Viet Cong 1911 bring back

2015-04-16 20.32.38

A 1911 enthusiast in Virginia recently had a buddy ask him if he could work on his 1911 for him. The buddy’s relative had brought back a 1911 from Vietnam. This is the resulting encounter-

Well he brings over this gem and the first thing I tell him is … Well this ain’t a 1911! He protests and says that of course it is a 1911, I get my Remington Rand down [out] and put them side by side and ask him if he’s sure.

It is in fact a Kyber pass or Viet Cong garage build. Definitely an interesting historical piece, definitely not something which should be shot as the possibility for KABOOM is very real.

Full set of pictures fully disassembled and detail pics. You’ll be able to see that they had a 1911 to work from, but kind of went a different way. The thumb safety didn’t actually do anything nor did the back strap safety.

The gun making workshops of Peshawar (reference to Kyber Pass) didn’t really go into full throttle until the early 1980s, with the massive influx of arms supporting the Mujahedin’s fight against the Russians started to flow in. Although there were gun shops there in the 1960s, a 1911 copy making it all the way to Vietnam would have been especially rare. Instead, the NVA actually manufactured a good amount of 1911 copies in jungle workshops or in North Vietnam, similar to their manufacture of replica Thompson submachine guns. Forgotten Weapons has an excellent piece about one that was on sale in 2012. Now, obviously the quality here leaves alot to be desired (even for bare bones functioning, let alone a safety check or live fire), but lets look at the context of the times. Much of the armies in the Vietnam era were still in World War Two and prior mentality of sidearms being much more of a status symbol than an actual weapon. The fact that the thing won’t fire very well is besides the point of letting everyone in the company or platoon know who the officers were. In addition, many of these homemade 1911s were given out as gifts to high ranking officials within the Viet Cong/Viet Minh. They weren’t actually expected to be used under duress.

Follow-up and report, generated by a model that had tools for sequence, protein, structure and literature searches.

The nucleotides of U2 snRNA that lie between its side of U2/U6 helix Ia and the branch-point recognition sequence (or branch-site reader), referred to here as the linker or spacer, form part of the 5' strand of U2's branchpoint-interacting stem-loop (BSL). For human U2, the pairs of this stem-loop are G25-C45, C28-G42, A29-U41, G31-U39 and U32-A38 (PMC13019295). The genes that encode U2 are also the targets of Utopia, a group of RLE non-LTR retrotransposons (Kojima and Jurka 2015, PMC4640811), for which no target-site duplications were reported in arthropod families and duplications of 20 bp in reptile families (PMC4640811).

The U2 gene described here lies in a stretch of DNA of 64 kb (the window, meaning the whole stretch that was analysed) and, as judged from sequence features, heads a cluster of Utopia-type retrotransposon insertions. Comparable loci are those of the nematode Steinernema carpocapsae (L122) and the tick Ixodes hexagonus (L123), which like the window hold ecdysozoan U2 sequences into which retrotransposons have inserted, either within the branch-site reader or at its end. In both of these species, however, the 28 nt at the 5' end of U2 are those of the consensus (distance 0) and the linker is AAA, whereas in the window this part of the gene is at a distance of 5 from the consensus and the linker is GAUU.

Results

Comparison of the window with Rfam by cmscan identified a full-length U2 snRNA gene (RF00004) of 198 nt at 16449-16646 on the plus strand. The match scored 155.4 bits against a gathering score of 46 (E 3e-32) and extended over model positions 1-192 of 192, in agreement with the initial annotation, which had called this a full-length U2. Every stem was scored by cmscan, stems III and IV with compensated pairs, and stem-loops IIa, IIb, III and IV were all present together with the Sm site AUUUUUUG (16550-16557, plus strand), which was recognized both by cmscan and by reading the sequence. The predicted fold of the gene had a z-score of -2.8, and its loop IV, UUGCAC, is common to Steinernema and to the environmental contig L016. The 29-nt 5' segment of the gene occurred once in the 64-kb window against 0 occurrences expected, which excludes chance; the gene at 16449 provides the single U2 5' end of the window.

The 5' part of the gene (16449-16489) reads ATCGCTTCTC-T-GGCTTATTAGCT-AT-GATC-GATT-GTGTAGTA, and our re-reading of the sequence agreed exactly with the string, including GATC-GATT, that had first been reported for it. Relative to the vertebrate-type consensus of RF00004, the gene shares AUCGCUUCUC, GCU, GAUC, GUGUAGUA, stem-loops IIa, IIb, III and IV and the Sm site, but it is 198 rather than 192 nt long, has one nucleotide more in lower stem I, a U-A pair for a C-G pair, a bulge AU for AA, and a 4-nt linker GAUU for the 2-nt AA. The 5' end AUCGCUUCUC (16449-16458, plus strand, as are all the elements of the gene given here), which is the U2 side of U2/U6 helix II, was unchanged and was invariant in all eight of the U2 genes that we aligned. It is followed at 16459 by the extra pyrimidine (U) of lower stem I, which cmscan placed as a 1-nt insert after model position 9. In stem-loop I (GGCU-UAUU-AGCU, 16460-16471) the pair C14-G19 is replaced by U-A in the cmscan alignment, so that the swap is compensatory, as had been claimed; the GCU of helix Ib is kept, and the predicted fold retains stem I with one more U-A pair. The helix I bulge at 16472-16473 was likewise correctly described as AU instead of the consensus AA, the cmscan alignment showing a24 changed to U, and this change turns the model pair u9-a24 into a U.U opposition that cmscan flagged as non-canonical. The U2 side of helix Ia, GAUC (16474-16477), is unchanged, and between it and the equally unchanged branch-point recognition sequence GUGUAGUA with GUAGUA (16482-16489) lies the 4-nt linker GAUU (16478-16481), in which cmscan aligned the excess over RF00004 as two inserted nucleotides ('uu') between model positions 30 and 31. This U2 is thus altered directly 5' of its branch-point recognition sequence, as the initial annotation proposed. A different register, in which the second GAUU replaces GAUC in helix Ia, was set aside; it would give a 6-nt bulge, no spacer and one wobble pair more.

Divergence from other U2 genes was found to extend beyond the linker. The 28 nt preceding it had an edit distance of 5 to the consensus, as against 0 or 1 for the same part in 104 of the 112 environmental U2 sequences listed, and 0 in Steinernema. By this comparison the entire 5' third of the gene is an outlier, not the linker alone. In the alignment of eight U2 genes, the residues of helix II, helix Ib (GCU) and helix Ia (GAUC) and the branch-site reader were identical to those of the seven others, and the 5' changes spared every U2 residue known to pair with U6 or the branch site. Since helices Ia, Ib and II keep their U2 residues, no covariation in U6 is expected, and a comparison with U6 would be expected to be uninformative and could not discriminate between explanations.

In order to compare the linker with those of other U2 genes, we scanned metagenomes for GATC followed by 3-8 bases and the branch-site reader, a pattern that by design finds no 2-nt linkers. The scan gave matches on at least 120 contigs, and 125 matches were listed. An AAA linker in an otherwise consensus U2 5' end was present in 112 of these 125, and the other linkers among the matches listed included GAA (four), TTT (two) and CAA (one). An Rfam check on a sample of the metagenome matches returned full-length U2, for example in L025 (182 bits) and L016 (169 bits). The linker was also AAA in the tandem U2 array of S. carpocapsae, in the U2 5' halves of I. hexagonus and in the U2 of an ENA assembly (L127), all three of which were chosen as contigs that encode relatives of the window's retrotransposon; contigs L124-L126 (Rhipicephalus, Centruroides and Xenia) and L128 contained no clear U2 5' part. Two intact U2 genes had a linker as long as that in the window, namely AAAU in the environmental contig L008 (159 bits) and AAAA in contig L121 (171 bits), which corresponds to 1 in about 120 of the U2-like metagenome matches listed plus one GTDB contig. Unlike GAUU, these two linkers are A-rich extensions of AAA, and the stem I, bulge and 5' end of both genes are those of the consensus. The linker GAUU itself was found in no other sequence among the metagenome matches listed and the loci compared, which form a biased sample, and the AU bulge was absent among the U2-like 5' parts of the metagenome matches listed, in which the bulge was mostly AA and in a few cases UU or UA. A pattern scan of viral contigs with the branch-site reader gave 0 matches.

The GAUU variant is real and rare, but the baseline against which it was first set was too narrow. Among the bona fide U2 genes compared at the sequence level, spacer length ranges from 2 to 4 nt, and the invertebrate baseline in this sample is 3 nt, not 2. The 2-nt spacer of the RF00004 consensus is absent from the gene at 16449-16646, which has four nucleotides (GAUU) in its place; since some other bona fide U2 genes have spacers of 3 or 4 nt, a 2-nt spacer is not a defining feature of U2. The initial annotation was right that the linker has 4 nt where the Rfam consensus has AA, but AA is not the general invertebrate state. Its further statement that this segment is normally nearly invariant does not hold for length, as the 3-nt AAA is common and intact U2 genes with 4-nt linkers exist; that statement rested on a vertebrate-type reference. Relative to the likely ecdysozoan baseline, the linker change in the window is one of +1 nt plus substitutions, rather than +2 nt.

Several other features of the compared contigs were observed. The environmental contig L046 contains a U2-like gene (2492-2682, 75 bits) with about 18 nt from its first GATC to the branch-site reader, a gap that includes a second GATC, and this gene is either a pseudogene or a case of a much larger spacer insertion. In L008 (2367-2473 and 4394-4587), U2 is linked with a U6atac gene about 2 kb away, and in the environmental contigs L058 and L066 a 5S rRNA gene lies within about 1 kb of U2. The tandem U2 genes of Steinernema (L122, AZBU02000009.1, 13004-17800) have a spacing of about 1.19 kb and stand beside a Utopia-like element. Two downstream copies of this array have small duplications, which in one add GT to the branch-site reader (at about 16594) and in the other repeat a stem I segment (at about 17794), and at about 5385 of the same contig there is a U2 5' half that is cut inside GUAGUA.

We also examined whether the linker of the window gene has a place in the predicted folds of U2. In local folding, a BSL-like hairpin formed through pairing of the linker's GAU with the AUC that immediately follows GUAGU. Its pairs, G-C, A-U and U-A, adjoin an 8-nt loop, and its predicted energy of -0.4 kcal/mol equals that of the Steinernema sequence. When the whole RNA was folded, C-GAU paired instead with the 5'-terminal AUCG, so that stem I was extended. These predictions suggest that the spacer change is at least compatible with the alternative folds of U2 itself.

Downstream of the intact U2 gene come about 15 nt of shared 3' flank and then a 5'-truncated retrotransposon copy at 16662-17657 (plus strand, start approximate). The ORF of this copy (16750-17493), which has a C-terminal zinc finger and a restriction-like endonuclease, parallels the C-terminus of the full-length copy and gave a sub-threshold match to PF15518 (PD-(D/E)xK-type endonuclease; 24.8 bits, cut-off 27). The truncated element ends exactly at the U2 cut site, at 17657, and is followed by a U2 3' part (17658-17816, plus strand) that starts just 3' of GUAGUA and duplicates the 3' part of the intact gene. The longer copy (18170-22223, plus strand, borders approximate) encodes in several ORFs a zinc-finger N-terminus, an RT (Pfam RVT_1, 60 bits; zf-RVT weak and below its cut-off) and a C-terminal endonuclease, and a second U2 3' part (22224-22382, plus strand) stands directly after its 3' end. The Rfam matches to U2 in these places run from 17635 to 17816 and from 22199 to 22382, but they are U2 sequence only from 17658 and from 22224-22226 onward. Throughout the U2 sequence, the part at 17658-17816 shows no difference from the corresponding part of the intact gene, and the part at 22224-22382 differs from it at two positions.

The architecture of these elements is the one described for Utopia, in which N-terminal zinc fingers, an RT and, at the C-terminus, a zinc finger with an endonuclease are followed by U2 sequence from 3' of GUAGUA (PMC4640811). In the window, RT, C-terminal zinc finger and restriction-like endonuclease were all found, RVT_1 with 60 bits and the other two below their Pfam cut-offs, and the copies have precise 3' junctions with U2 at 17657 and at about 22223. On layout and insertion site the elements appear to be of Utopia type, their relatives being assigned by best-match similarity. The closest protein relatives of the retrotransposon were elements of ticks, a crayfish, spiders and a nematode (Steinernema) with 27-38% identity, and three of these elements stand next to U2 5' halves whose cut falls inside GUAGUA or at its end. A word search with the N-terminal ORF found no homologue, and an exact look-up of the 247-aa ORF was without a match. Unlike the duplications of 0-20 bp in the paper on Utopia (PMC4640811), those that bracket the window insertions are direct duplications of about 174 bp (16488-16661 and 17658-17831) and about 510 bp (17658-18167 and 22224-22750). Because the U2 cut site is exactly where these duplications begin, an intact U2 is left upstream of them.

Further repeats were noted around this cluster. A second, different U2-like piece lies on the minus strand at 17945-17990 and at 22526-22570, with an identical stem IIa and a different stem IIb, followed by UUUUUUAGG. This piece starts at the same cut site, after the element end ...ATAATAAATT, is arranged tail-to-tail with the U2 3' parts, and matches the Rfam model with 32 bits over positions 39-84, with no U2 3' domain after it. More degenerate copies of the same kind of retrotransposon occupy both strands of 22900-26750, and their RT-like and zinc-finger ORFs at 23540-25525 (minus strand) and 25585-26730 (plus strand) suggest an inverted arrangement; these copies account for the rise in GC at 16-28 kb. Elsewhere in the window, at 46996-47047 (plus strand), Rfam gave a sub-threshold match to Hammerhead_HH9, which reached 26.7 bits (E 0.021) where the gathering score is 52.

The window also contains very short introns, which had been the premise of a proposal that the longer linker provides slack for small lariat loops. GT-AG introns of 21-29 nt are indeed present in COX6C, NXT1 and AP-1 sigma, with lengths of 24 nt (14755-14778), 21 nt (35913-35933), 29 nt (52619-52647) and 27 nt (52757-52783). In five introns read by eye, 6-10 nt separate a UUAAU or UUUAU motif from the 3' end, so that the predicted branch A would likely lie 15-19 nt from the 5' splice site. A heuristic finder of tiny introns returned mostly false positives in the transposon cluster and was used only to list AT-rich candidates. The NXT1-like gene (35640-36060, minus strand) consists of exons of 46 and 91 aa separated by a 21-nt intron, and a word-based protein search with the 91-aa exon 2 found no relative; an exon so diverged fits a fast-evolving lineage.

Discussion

f

The frame with the grips off. It seems that some of the pistol had inspiration from the Star 1911 copies made in Spain, as an example in this case would be the curved trigger.

f

The bolt face. I’m pretty sure the guy taking it apart said it was in .45 but from this angle it does look a little small, and 9mm was certainly widely used by many countries during the Vietnam era.

f

That is fifty years of gunk on a badly made firearm to begin with. Yuck.

f

The safety is actually quite well put together. 

f

A look down the muzzle into the bolt face. 

f

The grip panels are similar to a Star BMM 9mm handgun with the cutout on the left grip panel for the safety. 

f

The hammer, pins, and plunger are done alright through…

f

Some sort of extended spring cap for the main spring housing.

f

The guy who took it apart mentioned that this dent in the slide stop, almost made it impossible to take apart.

f

The 1911 copy disassembled as far as it would go. 

f

Opposite side of the handgun. 



Miles V

Former Infantry Marine, and currently studying at Indiana University. I’ve written for Small Arms Review and Small Arms Defense Journal, and have had a teenie tiny photo that appeared in GQ. Specifically, I’m very interested in small arms history, development, and Military/LE usage within the Middle East, and Central Asia.